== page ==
Yet employability-wise, the jack-of-all-trades is not a clear classification, and is often hard for recruiters to wrap their brains around, and yet...

I have good skills, a decent brain, some inspired moments, and a friendly disposition, so I imagine the job hunt will eventually end well for me. However, the hunting is likely to be long and tiresome as well, but such is the way of the world, and so I press on, armed with the knowledge of the past, into the future.

Friday, July 11, 2008

A matter of empire

What is an empire? What is an emperor? In the political and historical lexicon this is thrown around a lot, but does the word 'empire' have any real meaning? Well, no, not really, it just seems to mean nowadays very powerful state, or maybe expanding state, or maybe state with extensive influence.

But let's step back a sec and look at the older meanings. Why? Well, this isn't really a historical definition question, but it's still something fun to think about.

Well, the word 'emperor' comes from the name 'imperator' which just meant commander (although the Roman Emperor took it as his title, emphasizing his military role) and 'empire' probably just comes from 'emperor'. But if we look at emperors in other lands, a common title, used in both the ancient Persian Empire and the Ethiopian Empire in its better days is King of Kings (obviously the local language equivalent like šāhān šāh or Nəgusä Nägäst). And then if we look at the case of say the Holy Roman Emperor, he was more really the case of a king above the princes. Furthermore even the Roman Emperor ruled over semi-autonomous provinces and client kingdoms, (although the extent of his power over much of the territory matches nicely with the title of 'king', the Romans hated the idea of a king, associating it with ancient tyranny and they liked to pretend otherwise).

But in summary, what empire really seems to historically mean is a ruler who ruled over many semi-independent kingdoms and prince-ships. Which actually means that emperors, while traditionally ruling over more extensive territories than kings, were often far less powerful over the full extent of their territories.

Now using this as a political science concept might be useful, but there are so many other examples of historic kingdoms which don't match that concept of empire, so it's kind of iffy to use it for history, but... well...


And I've got the history to prove it!

Wednesday, July 9, 2008

Check it out now: The History's Your Brother

I've been adding some more features and a new layout. I added some links for my history professors and some history resources, as well as some random stuff and such. Hopefully it's all pumped up in coolness, but there's still extra coolness it can get, because History's just soooo awesome.

Monday, July 7, 2008

Civilized, Smivilized!

Now, in this modern world, modernity has gotten a bad name.

And the precursor to the term modern (like its successor developed is destined to), civilized, has also been criticized, both its existence as a value and its value as a virtue.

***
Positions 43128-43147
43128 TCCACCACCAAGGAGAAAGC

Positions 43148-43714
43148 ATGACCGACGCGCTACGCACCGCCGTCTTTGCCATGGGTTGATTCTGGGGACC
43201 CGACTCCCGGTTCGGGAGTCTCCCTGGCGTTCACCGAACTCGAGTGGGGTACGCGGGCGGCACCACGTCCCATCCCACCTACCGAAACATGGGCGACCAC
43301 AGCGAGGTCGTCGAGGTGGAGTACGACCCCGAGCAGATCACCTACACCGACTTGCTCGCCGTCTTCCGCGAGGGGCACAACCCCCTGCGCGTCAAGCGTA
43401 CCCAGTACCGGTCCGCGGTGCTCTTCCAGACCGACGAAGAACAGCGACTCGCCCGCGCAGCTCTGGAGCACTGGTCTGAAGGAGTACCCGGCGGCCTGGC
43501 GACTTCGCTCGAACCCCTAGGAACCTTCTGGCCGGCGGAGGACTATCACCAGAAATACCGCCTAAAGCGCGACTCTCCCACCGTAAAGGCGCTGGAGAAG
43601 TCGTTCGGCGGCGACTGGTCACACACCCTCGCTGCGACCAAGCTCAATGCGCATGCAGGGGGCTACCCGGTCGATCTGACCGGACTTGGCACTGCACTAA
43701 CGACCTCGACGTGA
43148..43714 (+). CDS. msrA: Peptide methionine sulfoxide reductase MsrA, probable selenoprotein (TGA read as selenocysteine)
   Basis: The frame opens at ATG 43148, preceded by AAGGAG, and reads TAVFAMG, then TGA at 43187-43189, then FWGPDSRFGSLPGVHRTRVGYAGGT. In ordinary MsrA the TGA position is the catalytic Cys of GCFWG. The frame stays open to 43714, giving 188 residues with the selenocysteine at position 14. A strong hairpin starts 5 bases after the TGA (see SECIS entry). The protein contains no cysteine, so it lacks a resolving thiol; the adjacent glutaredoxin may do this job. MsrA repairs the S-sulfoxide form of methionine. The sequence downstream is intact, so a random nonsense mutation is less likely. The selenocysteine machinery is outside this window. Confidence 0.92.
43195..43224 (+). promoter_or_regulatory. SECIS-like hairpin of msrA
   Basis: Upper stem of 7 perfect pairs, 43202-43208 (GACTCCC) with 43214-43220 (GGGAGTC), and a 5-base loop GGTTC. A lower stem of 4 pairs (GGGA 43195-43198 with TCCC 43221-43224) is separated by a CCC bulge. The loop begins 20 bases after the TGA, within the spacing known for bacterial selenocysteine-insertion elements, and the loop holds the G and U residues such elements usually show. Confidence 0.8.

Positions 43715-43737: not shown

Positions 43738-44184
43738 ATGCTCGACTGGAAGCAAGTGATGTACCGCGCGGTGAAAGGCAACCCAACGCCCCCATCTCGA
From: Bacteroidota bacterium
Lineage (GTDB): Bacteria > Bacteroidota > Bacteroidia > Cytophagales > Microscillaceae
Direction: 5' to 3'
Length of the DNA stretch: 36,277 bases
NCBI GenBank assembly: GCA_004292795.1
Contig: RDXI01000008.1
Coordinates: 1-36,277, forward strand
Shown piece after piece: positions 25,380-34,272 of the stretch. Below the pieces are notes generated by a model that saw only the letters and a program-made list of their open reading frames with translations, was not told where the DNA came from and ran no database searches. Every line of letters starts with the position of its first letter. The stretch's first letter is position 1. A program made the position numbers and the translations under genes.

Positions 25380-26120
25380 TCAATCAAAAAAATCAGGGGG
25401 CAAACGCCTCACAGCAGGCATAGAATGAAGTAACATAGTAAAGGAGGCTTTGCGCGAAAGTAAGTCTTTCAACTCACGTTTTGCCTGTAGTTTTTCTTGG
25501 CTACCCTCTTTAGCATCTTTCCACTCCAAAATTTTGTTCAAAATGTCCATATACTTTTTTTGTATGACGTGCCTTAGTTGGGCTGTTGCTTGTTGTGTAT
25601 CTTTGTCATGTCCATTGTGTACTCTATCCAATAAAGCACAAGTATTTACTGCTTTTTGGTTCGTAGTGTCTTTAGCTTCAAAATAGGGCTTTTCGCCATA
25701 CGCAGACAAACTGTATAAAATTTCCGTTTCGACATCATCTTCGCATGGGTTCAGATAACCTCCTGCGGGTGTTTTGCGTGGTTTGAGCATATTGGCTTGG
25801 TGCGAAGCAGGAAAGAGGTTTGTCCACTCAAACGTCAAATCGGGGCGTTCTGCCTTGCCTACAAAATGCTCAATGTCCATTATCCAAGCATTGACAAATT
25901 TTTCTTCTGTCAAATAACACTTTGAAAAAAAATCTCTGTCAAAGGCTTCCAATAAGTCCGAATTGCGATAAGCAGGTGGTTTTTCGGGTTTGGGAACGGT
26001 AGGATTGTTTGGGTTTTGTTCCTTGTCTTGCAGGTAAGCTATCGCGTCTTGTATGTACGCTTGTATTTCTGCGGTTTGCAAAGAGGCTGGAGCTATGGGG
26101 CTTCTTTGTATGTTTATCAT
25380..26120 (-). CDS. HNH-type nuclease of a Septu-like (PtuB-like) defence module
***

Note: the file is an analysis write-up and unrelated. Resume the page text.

The term civilized once justified horrific, horrific acts and so it's easy to say let's throw it away... and yet civilization as a concept does have a value. There is an essential difference

(not necessarily good or bad, but which might actually be, depending on how you want to debate things, but that's a question of philosophy not necessarily history (although there are plenty of history/philosophy hybrids, and while history is never purely objective, we should recognize the difference between an effort toward an objective history and not attempting the objectivity in a history/philosophy /opinion project)

between the Roman Empire as a society or the ancient Germanic peoples as a society, and while it is different from the difference between the ancient Persians and the ancient Scythians as societies, it is related to that difference and related differences.

That's a very vague way of saying things, but my basic point is that between civilizations you can make out categories based on some quality that divides those societies traditionally called civilized and those traditionally called non-civilized.

So let us now re-take up the topic. We must be careful of the mistakes of the past such as Euro-centrism or Sino-centrism, but we can also learn from the past. The greatest problem with previous attempts was the vagueness of the term and its association with the values and virtues of the areas called civilized. Let us then explicitly say what we mean and not claim to represent the past meanings of the word but try for a new definition which while aiming for the same subject does not necessarily mean the same thing as previous usages of "civilized."

After all this you might say, well get to the heart of the matter already.

Okay, fine then, bully.

Now I am valuing civilization as a matter of society, not necessarily of economy or state-structure, although these might be a consequence.

While as I said I am not trying to define the same intuitive concept that was used before, but as I also said, I am dealing with the same essential subject. So let us examine the commonality of those societies that match fit the intuitive concept.

Rome, Persia, Han China, Maurya India, all fit a certain level in the intuitive concept of soceity, and there greatest commonality is you have there people living together in greater density and with more durable traditions of living together as well as a stronger connection with older previous worlds (this is separate from being old unto itself, after all Roman society is no where nearly as old as Persian, but it connected with Greek). Also, essential to this are traditions of cultural production, and material production, moreover even the exceptions in this regard have refined reasons for this or refined compensation methods.